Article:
So, the more to play, the better for me, the better for the comedy, and the better for the other players. I believe that my Sir Joseph does the Ralph a great favor by "cruising" him, because then the tenor can play hapless or clueless or vaguely excited or SOMETHING other than STANDING IN LINE which is interesting for NO ONE. And, I put it to you, so to speak, why would Sir Joseph teach Corcoran to dance a hornpipe, and have him do this on the "cabin table"? The obvious seems to me to be to have a better "view", if you'll excuse my indelicacy. And Josephine has so much more to play in her musing over this event if the set-up before hand allows her a moment of levity before the sad and beautiful Ballad. I do not believe that Victorian men had such a hang-up over admiring male beauty, much as women have no trouble admiring feminine beauty even in the sordid midwest of the United States. I also do not believe that these men were so sure that an "interesting" afternoon with another 'fella made them gay. It didn't and it doesn't.
Bill Schneider wrote: The Carpenter has no speaking lines; did he have lines at one point, only to have them cut for the same reason that Hebe has only one line? Or was he to be a chorus part from the beginning ?To which Marc Shepherd replied: There is no surviving draft of the opera that has any lines for the carpenter. As Gilbert's earliest sketches do not survive, it is of course possible that he did at one point, but I would tend to doubt it. As I recall, there is evidence that the Carpenter's line in "A British tar" was intended to be sung by Deadeye at one point, though I forget the particulars. This would suggest that the Carpenter was a relatively late addition, for musical reasons only. And David Duffey observed: The "traditional business" is that during the first verse, Ralph and Boatswain look askance at the Carpenter as he seems to sing out of time with them. During the first chorus Ralph looks at the Carpenter's music, and gently turns it the correct way up. The Carpenter sings verse 2 with puzzled expression up to "domineering frown", then with a sly glance at Ralph, who is not looking, he turns it upside down again and sings away happily.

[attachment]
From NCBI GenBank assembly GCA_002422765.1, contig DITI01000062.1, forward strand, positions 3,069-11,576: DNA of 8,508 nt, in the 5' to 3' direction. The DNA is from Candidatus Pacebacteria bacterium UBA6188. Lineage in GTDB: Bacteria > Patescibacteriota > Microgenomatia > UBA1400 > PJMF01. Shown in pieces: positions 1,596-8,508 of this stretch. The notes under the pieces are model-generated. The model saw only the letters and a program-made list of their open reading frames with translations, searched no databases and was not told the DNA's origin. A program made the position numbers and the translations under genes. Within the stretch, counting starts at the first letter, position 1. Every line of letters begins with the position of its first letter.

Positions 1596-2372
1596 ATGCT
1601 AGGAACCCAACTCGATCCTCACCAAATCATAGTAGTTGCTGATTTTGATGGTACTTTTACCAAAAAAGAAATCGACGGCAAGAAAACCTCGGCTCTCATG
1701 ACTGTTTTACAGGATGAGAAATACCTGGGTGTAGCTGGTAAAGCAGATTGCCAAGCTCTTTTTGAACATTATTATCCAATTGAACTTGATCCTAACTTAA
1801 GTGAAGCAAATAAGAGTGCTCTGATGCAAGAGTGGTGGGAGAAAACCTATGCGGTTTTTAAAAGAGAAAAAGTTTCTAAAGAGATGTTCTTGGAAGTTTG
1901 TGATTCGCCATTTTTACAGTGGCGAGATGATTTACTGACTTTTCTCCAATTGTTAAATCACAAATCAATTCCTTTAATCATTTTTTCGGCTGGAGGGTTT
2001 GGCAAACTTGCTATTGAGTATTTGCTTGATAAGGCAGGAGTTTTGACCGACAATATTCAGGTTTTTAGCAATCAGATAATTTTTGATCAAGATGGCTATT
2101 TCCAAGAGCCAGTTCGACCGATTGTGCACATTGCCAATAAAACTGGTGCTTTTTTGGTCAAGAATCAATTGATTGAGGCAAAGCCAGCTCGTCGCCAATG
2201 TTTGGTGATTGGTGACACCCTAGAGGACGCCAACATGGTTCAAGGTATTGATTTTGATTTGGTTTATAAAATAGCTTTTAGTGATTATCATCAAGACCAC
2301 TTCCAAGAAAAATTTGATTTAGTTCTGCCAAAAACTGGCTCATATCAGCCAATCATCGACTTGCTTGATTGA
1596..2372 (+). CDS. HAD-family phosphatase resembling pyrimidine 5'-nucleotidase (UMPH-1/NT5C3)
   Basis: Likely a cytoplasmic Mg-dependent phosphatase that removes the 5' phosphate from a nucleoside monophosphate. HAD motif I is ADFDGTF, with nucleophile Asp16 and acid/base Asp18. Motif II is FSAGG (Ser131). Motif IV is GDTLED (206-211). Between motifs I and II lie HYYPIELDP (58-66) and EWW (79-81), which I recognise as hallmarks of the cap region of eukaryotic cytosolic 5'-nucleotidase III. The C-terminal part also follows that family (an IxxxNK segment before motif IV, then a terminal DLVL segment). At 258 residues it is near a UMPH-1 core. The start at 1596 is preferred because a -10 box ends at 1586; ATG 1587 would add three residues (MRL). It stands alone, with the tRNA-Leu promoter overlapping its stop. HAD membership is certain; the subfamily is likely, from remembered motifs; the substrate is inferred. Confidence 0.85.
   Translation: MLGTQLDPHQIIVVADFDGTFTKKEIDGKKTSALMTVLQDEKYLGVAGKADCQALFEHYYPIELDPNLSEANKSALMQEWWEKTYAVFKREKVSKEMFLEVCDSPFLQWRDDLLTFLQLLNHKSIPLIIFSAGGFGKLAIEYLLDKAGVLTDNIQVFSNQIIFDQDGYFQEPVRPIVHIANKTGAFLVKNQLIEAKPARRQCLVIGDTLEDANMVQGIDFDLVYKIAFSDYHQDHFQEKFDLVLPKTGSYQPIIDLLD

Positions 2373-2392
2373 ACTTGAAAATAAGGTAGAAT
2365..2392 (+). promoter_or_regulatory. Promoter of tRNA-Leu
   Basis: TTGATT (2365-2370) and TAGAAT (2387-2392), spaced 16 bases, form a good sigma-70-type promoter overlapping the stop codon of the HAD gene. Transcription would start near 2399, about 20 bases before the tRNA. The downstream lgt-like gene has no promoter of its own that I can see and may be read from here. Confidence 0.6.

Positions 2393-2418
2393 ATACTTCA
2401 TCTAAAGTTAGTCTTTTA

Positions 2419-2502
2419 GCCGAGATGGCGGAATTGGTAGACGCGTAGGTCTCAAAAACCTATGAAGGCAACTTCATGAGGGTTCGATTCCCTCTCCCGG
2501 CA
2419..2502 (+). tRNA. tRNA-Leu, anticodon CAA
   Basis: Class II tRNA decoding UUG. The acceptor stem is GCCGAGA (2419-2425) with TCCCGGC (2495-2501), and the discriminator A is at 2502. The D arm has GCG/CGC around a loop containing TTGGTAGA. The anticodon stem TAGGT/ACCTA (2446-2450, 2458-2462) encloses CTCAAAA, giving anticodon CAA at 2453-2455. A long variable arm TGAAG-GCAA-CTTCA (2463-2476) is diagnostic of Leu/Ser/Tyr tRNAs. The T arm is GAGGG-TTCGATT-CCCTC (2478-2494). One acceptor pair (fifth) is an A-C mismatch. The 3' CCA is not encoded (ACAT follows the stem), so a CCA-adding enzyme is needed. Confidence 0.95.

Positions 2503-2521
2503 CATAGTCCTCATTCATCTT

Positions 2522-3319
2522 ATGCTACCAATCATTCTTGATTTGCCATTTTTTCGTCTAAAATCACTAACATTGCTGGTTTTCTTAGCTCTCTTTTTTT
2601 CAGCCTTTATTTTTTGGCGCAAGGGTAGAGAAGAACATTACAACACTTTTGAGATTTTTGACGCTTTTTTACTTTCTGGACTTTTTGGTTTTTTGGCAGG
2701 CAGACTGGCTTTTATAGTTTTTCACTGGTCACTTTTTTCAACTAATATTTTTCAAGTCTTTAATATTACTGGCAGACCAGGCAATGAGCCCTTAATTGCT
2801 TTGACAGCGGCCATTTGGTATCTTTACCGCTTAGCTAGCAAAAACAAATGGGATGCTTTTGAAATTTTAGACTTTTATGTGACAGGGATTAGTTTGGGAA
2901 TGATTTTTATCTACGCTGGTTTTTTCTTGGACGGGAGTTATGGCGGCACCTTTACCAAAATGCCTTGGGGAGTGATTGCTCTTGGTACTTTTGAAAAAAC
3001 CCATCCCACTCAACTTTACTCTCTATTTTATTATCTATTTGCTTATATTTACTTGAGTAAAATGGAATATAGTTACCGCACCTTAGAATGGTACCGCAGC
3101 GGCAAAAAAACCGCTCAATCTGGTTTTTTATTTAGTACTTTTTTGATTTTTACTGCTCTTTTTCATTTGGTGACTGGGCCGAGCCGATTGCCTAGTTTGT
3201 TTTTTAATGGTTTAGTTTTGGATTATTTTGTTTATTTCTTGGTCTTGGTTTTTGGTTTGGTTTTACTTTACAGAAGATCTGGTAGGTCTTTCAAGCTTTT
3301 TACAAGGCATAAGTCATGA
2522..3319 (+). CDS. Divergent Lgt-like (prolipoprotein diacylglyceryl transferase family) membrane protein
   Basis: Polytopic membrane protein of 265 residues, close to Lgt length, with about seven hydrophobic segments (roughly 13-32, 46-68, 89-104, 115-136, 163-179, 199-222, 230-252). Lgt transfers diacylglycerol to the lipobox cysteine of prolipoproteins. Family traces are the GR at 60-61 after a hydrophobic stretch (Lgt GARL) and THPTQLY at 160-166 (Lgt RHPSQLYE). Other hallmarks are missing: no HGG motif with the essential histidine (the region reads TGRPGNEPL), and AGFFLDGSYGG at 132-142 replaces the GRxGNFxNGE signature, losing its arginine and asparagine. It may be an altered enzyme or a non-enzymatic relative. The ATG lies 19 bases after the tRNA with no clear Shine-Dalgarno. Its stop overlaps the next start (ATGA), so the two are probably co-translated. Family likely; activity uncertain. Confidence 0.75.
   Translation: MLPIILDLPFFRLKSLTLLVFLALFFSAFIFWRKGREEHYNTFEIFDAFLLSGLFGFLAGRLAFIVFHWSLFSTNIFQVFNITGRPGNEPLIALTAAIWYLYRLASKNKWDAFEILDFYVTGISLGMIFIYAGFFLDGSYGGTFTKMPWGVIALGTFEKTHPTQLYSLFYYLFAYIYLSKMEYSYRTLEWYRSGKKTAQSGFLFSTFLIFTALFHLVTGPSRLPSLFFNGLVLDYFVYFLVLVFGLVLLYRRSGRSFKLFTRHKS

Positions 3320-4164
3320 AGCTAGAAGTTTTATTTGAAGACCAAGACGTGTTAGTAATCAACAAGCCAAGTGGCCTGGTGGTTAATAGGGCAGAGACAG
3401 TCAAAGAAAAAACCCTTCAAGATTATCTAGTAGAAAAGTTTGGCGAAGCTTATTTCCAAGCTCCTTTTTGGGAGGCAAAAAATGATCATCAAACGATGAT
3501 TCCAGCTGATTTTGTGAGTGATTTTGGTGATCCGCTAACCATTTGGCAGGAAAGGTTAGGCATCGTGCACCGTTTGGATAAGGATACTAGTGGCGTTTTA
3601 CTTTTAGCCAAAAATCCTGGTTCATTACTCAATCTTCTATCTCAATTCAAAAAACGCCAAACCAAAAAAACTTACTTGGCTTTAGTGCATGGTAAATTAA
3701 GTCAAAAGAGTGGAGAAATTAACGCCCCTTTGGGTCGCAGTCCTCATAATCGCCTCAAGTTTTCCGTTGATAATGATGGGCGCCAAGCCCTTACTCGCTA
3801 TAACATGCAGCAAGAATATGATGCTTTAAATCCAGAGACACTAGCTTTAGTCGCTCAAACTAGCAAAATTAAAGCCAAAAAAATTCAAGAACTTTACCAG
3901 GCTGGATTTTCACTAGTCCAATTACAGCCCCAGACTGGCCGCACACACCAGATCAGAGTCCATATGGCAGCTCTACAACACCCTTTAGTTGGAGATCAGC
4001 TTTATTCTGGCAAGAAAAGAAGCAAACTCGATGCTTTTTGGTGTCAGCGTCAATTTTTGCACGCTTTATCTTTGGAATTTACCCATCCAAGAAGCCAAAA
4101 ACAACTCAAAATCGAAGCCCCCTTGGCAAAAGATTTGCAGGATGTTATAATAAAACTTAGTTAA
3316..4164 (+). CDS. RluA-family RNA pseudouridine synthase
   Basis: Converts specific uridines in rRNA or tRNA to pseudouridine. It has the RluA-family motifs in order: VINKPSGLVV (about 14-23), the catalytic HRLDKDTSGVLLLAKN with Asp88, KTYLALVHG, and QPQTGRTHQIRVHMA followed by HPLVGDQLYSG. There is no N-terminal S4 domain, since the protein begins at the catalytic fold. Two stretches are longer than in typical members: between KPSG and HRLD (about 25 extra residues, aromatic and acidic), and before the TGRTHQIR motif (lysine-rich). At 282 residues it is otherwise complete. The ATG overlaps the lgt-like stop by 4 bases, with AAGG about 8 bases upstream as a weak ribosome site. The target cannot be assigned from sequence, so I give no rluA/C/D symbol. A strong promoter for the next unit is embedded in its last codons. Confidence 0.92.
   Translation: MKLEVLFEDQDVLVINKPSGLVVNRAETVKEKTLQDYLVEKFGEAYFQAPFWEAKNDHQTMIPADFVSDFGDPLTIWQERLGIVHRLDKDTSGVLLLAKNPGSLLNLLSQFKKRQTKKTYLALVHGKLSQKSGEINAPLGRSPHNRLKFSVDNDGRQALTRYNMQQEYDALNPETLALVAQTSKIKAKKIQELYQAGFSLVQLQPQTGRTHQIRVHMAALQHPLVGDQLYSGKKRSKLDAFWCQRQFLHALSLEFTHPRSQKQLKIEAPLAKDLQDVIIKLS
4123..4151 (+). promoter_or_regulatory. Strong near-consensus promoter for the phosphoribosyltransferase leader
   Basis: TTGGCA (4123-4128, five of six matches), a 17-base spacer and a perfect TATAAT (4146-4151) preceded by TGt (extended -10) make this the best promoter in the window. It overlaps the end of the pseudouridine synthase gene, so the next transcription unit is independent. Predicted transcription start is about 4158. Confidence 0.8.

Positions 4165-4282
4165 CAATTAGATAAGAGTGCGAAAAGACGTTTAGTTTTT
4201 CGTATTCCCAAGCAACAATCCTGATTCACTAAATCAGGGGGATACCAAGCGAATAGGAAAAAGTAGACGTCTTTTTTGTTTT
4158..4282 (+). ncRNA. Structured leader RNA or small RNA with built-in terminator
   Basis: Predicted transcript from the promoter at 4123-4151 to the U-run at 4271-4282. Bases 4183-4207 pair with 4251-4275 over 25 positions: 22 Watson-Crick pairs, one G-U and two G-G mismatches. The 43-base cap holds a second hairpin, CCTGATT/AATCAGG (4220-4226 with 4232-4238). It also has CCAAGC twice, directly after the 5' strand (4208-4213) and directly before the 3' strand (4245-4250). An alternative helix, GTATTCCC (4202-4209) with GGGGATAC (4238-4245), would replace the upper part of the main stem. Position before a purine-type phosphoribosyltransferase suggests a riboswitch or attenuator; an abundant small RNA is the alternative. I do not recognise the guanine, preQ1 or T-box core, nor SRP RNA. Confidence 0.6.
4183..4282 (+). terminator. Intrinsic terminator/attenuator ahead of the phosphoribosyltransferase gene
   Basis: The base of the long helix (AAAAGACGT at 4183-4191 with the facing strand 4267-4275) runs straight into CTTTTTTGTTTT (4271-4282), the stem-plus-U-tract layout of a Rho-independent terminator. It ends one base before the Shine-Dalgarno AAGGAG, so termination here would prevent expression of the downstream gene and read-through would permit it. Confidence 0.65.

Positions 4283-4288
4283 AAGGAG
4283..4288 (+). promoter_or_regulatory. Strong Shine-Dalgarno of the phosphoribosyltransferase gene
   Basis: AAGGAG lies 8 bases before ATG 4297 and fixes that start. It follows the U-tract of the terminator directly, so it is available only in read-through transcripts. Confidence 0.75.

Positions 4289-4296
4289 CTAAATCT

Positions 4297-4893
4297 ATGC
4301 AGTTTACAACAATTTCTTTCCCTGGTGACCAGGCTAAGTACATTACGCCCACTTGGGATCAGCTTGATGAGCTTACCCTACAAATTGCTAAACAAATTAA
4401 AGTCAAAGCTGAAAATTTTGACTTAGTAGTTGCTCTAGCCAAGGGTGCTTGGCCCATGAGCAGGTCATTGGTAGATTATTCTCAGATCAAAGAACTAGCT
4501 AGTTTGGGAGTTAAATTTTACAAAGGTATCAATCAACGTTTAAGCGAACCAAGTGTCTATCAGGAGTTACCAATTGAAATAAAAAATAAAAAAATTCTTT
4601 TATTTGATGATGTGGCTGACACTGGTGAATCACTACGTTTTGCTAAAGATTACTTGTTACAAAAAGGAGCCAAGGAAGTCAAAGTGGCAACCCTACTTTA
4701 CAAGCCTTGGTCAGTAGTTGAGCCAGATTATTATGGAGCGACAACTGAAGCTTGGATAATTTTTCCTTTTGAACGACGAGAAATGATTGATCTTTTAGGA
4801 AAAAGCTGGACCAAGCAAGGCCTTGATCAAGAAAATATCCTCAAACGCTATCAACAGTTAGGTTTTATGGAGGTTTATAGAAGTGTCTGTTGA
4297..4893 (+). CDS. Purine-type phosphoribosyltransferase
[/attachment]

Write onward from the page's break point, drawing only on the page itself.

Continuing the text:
Bill Schneider again: Could it possibly be that the Carpenter's line in "British Tar" was too low for the original Dick Deadeye? That may have been reason to give the line to someone else. Also, from a plot standpoint, it wouldn't make much sense now for Dick Deadeye to be singing in the trio, because it seems (from the present dialogue, at least) that the other sailors are singing Sir Joseph's song in order to impart to Dick the idea that a British sailor is any man's equal (except SJP's, of course.) However, it is always possible that the dialogue was changed to reflect the musical change. And David Duffey observed: Interesting that British Tars were able to sing the song at sight.
Ian Hollamby wrote: While considering a forthcoming Pinafore which I have been invited to produce/direct, (There's no accounting for taste!) and given that I like to give auditionees some idea of the way I see the various principal roles, I jotted down the following "pen pictures", deliberately (for SavoyNet) restricting myself to six words in each case. I would welcome alternatives/disagreements/other operas etc. The following are my own, and probably somewhat idiosyncratic:-
Judith Weis asked: Why do you call Josephine "vacuously fickle?" She remains true to Ralph - she is not like Rose Maybud at all. Her concerns about living a life of poverty are heartfelt and sincere, but she sticks with him anyway. She's clever and can manipulate the situation - in "ring the merry bells." So, I don't think she's vacuous or fickle! Morgan O'Day asked: Josephine, fickle? Your name wouldn't be Alexis Poindextre, would it? What does that make Rose Maybud and Lady Jane's 11th-hour conversion to Dunstablism? And RALPH: Strapping but dim. (or - A tenor!) I remember a production of Pinafore in which Ralph strode the stage with toilet paper stuck to his heel, which Josephine retrieved and held daintily in her hand as if it were a lock of his hair, this while singing "Sorry her lot" ...
Page created 24 October 1997